- The increase in private health insurance is a sign of a country’s maturity in the insurance industry, as private health insurance coverage increases. It supplements the government’s primary, secondary, and tertiary healthcare system.
- The proportion of Current Government Health Expenditures (CGHE) allocated to primary care has increased from 51.3% in 2014-15 to 55.9% in 2019-20.
- The percentage of THE (Total Health Expenditure) attributable to Social Security Expenditure (SSE), which includes government-funded health insurance, medical reimbursement to government employees, and social health insurance programs, has increased from 5.7% in 2014-2015 to 9.3% in 2019-2020.
- Between 2014-15 and 2019-20, government health expenditure per capita doubled from Rs. 1,108 to Rs. 2,014.
|About National Health Account (NHA) estimates
Out-of-Pocket Expenditure (OOPE) in health:
• Out-of-pocket expenditure is the money paid directly by households at the time of receiving health care.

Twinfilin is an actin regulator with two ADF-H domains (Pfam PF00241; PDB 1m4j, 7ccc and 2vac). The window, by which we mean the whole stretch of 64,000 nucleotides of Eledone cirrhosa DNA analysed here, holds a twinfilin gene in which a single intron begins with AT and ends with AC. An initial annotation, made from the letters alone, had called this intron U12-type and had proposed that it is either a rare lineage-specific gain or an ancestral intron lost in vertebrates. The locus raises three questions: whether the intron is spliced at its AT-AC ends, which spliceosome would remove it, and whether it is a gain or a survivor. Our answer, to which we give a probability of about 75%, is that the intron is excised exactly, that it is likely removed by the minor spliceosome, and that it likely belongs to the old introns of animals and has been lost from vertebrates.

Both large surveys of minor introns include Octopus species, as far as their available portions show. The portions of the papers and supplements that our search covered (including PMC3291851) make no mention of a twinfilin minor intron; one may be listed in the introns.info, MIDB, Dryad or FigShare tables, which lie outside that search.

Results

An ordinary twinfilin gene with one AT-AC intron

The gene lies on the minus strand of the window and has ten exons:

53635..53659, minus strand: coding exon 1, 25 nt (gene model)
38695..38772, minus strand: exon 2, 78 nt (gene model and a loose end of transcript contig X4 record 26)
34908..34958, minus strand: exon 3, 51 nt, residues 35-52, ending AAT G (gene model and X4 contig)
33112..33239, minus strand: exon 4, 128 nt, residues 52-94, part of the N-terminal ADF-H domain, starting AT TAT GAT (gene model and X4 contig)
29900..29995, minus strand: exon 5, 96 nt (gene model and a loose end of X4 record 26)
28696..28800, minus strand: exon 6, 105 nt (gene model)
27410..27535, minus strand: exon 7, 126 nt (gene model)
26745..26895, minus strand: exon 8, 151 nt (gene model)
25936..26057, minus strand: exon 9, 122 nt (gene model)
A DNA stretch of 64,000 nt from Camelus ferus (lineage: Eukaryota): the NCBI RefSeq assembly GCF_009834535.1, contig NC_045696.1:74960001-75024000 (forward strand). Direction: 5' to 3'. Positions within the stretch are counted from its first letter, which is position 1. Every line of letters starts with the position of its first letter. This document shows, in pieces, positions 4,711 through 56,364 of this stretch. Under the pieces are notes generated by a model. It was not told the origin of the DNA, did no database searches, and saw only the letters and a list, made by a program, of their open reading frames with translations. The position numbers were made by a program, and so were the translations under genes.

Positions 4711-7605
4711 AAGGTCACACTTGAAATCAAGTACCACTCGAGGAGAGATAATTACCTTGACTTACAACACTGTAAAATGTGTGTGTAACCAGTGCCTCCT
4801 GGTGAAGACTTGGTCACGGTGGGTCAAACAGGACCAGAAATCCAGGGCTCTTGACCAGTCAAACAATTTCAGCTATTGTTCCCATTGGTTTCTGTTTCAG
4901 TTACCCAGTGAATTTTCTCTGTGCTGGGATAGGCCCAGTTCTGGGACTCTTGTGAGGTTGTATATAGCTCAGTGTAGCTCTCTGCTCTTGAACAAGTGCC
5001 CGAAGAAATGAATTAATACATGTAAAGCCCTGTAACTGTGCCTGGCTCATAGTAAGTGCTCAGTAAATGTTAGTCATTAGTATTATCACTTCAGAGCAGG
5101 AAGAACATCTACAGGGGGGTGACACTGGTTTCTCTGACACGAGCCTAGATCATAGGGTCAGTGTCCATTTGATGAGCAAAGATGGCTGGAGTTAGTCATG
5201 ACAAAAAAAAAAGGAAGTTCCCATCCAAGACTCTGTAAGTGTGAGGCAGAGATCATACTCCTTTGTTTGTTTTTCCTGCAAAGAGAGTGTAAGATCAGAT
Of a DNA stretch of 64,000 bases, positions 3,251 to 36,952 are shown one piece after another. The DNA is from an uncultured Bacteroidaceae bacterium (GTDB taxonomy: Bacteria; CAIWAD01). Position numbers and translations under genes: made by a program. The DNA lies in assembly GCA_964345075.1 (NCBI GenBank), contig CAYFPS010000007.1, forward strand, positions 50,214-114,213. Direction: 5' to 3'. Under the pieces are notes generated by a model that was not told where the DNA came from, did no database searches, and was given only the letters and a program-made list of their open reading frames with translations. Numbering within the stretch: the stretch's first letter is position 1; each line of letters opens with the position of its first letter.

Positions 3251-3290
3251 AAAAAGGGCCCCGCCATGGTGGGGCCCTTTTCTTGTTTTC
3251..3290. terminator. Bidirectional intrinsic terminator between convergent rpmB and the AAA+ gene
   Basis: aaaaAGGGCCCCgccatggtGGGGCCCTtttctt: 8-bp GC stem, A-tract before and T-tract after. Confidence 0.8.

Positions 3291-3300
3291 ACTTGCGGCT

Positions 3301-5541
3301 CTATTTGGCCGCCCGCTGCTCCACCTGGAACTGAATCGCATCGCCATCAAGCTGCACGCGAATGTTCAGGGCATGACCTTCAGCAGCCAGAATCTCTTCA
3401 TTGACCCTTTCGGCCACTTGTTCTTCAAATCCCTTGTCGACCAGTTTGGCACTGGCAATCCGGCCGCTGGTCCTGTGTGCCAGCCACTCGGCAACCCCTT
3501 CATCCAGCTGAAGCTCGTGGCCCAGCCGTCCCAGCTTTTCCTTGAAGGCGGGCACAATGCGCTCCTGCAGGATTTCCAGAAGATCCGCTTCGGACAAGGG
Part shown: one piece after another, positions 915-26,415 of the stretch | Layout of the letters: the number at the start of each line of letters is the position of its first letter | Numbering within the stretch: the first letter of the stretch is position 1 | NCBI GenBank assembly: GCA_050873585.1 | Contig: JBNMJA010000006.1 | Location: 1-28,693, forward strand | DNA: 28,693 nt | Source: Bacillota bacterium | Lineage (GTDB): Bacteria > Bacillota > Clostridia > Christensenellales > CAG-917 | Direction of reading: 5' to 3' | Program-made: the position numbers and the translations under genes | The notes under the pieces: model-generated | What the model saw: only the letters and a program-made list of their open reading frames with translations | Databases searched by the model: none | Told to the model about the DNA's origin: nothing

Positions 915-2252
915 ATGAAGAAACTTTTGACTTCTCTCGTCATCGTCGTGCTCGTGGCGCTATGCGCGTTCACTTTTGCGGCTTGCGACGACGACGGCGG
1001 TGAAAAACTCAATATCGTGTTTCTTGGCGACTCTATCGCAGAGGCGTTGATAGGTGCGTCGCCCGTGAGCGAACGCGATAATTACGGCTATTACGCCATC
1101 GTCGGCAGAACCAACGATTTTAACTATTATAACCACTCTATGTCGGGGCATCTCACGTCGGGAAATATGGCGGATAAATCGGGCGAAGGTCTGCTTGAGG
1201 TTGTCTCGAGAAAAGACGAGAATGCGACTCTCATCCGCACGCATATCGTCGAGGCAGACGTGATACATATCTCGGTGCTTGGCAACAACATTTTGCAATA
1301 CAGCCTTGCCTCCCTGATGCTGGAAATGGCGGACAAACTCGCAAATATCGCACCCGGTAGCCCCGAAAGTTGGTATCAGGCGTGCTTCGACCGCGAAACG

• This occurs when services are neither provided for free by a government health facility nor covered by any public or private insurance or social protection program.
Tags: GS 3, Indian Economy & Related Issues
- The Government of Rajasthan is preparing to introduce the Rajasthan Platform-based Gig Workers (Registration and Welfare) Bill, 2023, which contains stringent provisions against errant aggregators, including the prohibition of their operations within the state.
Highlights of the Bill
- Rajasthan Platform-based Gig Workers Welfare Board: It will formulate welfare policies and hear the complaints of piece rate employees. The bill grants the board the authority to determine the amount of cess that each aggregator must pay to this social welfare fund. This levy shall be a proportion of each transaction.